The man in charge of ensuring that Tesla customers are happy with their electric vehicles has taken an unexplained leave of absence less than two months before the company begins delivering its first SUVs.
Jerome Guillen, Tesla Motors Inc.’s vice president of worldwide service and deliveries, is on leave until the end of the year. The company is set to begin delivering the Model X, a sport utility vehicle that was first unveiled in early 2012, in late September. Palo Alto, California-based Tesla recently reduced its delivery forecast for 2015 as well as its production forecast for next year.
Guillen told the automaker run by Chief Executive Officer Elon Musk on Aug. 4 that he would be taking the leave, according to a regulatory filing by Tesla, which didn’t disclose a reason. Two days later, the board determined that Guillen was no longer an officer required to report ownership under U.S. securities law, the filing said.
From April 15 through July 15, he had exercised 19,250 options to generate gross profits of more than $4 million, according to previous filings.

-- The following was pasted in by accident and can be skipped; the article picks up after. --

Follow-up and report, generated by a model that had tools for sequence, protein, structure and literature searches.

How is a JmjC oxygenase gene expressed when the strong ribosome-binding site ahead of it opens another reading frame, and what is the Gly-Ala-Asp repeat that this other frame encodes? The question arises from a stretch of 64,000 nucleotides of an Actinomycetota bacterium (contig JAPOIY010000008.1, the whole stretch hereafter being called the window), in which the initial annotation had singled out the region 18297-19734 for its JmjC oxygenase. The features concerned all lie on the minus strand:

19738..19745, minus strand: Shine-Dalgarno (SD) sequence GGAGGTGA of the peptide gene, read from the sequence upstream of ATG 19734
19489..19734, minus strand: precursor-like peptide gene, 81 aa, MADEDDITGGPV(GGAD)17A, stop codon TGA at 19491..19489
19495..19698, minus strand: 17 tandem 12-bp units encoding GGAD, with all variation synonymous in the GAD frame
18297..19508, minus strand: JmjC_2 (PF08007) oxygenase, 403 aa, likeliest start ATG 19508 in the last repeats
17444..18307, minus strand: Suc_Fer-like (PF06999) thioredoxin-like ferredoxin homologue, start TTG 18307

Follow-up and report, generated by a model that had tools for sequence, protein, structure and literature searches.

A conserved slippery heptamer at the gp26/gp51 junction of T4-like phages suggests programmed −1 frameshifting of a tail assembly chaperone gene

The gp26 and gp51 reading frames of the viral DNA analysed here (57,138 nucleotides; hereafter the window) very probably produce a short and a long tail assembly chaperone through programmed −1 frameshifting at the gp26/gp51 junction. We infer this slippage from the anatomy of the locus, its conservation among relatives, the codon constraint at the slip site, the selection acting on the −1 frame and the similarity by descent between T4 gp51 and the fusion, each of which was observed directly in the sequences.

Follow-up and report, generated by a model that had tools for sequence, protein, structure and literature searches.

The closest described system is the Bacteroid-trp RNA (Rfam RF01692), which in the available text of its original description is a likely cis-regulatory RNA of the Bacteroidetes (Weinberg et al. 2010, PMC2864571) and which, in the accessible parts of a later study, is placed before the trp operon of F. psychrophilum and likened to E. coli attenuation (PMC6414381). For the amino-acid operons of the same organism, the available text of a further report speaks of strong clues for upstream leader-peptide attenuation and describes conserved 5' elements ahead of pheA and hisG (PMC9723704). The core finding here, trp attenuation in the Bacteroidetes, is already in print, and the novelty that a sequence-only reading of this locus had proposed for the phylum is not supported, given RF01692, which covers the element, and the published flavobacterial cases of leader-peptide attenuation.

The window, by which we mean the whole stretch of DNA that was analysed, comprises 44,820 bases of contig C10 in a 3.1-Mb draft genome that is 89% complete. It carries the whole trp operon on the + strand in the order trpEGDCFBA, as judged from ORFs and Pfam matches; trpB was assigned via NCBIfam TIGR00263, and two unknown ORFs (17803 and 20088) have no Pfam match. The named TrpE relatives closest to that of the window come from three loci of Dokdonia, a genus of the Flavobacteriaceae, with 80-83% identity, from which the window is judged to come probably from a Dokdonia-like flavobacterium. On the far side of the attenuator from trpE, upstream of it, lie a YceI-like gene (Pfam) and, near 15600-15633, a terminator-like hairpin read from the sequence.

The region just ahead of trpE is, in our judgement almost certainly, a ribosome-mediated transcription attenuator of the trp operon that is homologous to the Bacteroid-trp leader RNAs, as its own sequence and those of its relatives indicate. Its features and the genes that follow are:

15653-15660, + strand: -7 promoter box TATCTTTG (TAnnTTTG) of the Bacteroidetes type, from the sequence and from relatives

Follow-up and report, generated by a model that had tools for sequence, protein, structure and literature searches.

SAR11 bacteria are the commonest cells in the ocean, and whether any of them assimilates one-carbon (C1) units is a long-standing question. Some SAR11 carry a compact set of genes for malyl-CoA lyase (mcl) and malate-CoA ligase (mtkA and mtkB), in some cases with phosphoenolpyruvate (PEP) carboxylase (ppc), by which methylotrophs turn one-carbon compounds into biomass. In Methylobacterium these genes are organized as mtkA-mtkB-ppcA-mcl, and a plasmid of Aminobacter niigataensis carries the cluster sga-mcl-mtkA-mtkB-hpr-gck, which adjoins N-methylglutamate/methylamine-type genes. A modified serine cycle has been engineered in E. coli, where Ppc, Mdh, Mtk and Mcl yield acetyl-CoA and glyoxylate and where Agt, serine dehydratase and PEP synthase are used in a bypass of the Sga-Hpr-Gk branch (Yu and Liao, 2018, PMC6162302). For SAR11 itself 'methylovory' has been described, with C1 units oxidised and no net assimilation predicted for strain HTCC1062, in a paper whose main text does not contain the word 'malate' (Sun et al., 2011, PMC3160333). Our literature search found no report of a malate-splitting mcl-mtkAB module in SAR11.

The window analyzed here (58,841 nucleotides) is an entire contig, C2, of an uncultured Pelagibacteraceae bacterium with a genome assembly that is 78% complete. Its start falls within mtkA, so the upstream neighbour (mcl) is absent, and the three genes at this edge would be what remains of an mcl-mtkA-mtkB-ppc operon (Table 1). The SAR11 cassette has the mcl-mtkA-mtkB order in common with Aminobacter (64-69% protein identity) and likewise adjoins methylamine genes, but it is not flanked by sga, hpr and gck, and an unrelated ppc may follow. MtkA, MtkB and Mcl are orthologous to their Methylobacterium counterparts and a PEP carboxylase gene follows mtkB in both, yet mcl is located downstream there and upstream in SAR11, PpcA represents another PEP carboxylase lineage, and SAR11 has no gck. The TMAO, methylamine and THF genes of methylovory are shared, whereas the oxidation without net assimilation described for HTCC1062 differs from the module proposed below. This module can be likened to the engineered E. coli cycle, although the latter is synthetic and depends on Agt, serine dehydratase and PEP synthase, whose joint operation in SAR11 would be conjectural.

Ricardo Reyes, a Tesla spokesman, declined to comment on the matter Monday. Guillen didn’t immediately respond to a phone call on Monday.
Guillen, who has a Ph.D. in mechanical engineering from the University of Michigan and previously worked at Daimler AG, joined Tesla in November 2010 and oversaw the development of the Model S sedan. He was promoted to vice president of worldwide sales and service in April 2013.
“Jerome started off as the Model S program manager and we had some real problems with our service capability,” Musk said during remarks at the World Energy Innovation Forum, held at Tesla’s Fremont, California, factory, last year. “I asked Jerome to switch from being program manager to running service. He did a great job. I asked him if he could do sales too. If people have the right attitude and are smart, they can do a lot of things.”
In March, Guillen was reassigned to a role focused on customer satisfaction after Tesla struggled to gain traction in China.
Tesla hired Ganesh Srivats, a former Burberry executive, last month to lead North American sales and enhance the brand’s luxury reputation to an increasingly global audience. Last week, Musk said that a regional head of sales for Asia had also been hired.
In addition, Tesla is searching for a replacement for Chief Financial Officer Deepak Ahuja, whose plans to retire when a replacement is found were announced at the shareholders meeting in June.
Tesla’s board also determined that Doug Field, a former Apple executive who is vice president of engineering, is now an officer required to report stock transactions under U.S. securities law.
Tesla shares fell 0.6 percent to $241.14, the lowest closing price since May 11.